She was free to do what she wanted, when she wanted. Yet she was imprisoned by shame, loneliness and fear.
It was something she rarely shared with anyone, except her closest friends.
“I still really don’t understand how they could have done this,’’ she says quietly.
The slight, fair-skinned brunette weeps as she recalls how she went to hang out with the girls at a house on McKinley Street in a quiet neighborhood of east Hollywood two Friday nights ago. It was late, and Stephanie had promised her caretaker — a friend of her family whom she calls mom — that she would be home in time for curfew. But the curfew came and went, and her caretaker had made it clear that if she broke curfew, she had better find somewhere else to sleep that night.
About 1 a.m. Saturday, they were listening to music when the two girls suddenly pounced on her, without warning, she said. They sprayed her face with Mace and dragged her by her hair into the backyard, kicking and screaming.
“They spit on me and called me a dumb bitch,’’ she said. “They just kept kicking me — they were all kicking me and telling me that they wouldn’t stop unless I had sex with Jayvon.’’
At one point, she recalls, she broke away and locked herself in a bathroom, as they pounded on the door, threatening her. The window was too small for her to climb through, so she unlocked the door and tried to make a break for it.
“If you leave, I am going to f--- you up,’’ one of the young men allegedly said when she tried to escape, according to the police report.
Jayvon Woolfork, 19, lived in the one-story house with his older sister. He was arrested later that day, along with Lanelyn Singleton, 18, a former student at South Broward, on charges of sexual assault, kidnapping and false imprisonment. Another 17-year-old male was also arrested.
Her two girlfriends, 15 and 16, were also arrested on felony battery charges. All five remain incarcerated, pending their next court appearances. The Herald is not using the names of the juveniles because they are minors.
“It’s disgusting, totally disgusting,’’ said her caretaker, who spoke on the condition the Herald not use her name for fear of retaliation against Stephanie and her.
Since the arrests, the suspects’ friends and family members have posted threats against Stephanie on Facebook, her caretaker said. Hollywood police have beefed up patrols in her neighborhood to keep an eye on the family.
Stephanie was taken in by her caretaker over the summer. Though the caretaker and her husband have several children of their own to support, they saw something that made them believe in Stephanie. She is good with their younger children and seemed to settle in to her new life of family movie nights and gatherings at the dinner table.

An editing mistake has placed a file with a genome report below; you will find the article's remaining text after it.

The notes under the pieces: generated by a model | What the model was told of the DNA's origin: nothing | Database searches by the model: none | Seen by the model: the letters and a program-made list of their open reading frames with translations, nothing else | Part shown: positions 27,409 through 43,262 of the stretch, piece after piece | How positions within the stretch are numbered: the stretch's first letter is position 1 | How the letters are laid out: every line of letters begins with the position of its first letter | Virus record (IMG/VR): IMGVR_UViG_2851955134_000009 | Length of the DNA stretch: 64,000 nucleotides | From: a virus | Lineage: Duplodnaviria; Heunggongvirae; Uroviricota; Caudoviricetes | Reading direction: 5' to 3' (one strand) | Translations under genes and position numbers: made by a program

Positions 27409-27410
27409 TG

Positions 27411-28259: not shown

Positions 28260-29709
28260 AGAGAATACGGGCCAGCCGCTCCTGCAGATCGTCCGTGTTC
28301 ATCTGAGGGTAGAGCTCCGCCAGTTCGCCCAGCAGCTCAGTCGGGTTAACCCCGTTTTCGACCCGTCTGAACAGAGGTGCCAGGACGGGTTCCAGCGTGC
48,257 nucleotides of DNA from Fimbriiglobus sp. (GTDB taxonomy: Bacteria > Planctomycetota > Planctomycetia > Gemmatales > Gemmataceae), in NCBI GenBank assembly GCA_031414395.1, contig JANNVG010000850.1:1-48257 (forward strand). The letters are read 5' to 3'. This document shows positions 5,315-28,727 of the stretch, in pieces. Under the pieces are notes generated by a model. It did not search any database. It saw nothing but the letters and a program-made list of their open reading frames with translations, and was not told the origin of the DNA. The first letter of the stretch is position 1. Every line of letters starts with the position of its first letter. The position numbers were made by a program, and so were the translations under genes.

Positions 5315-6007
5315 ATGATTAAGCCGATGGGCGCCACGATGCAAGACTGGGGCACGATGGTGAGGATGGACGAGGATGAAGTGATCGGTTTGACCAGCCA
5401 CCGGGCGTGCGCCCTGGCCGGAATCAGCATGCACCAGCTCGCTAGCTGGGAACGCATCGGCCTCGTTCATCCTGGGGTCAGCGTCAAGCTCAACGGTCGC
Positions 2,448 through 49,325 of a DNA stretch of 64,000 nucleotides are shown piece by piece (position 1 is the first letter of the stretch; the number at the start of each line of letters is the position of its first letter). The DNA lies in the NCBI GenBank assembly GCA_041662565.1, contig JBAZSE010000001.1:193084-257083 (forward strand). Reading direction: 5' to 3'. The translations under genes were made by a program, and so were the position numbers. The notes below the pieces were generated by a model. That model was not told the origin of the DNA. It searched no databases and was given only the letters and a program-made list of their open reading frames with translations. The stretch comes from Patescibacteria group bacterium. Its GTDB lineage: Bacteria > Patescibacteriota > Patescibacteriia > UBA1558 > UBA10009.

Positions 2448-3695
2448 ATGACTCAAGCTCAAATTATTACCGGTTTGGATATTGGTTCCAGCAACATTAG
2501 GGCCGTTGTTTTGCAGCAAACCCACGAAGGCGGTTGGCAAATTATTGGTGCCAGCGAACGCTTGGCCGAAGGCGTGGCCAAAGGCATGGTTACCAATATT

Stephanie’s biological mother agreed to give her custody of her daughter, the caretaker said, though the paperwork has not yet been filed.
Her biological mother appeared briefly at the hospital to visit her after the attack.
“She said ‘oh my baby, my baby!’ ’’ Stephanie recalls without a hint of emotion. “I never got any attention from my mom.’’
An aunt, related by marriage, has been at her side. And some of her other friends have messaged and called her.
“She has had a lot of friends wanting to come and support her, but we don’t trust anyone,’’ said her caretaker. “She is just not sure who is doing what. Never in her wildest dreams did she think her best friend would set her up.’’
Stephanie’s two friends had dinner at their home many times. But there was something about them, the caretaker said, that made her think that they were jealous of Stephanie’s new family life.
“I told her ‘those girls are not your friends.’ ’’
Dazed and wandering
along a dark highway
She wasn’t tied down, but their hands were pinched tightly around her wrists as if she was bound to the bed.
The two girls and two boys pinned her then held her legs apart.
“Why are you doing this?’’ she screamed.
Their laughing and cajoling was drowned out by the voice of her caretaker.
“These girls are not your friends, these girls are not your friends,’’’ she kept hearing in her head.
The rape lasted about 10 minutes.
“You can go now, but leave your sandals here,’’ the girls said, according to the police report.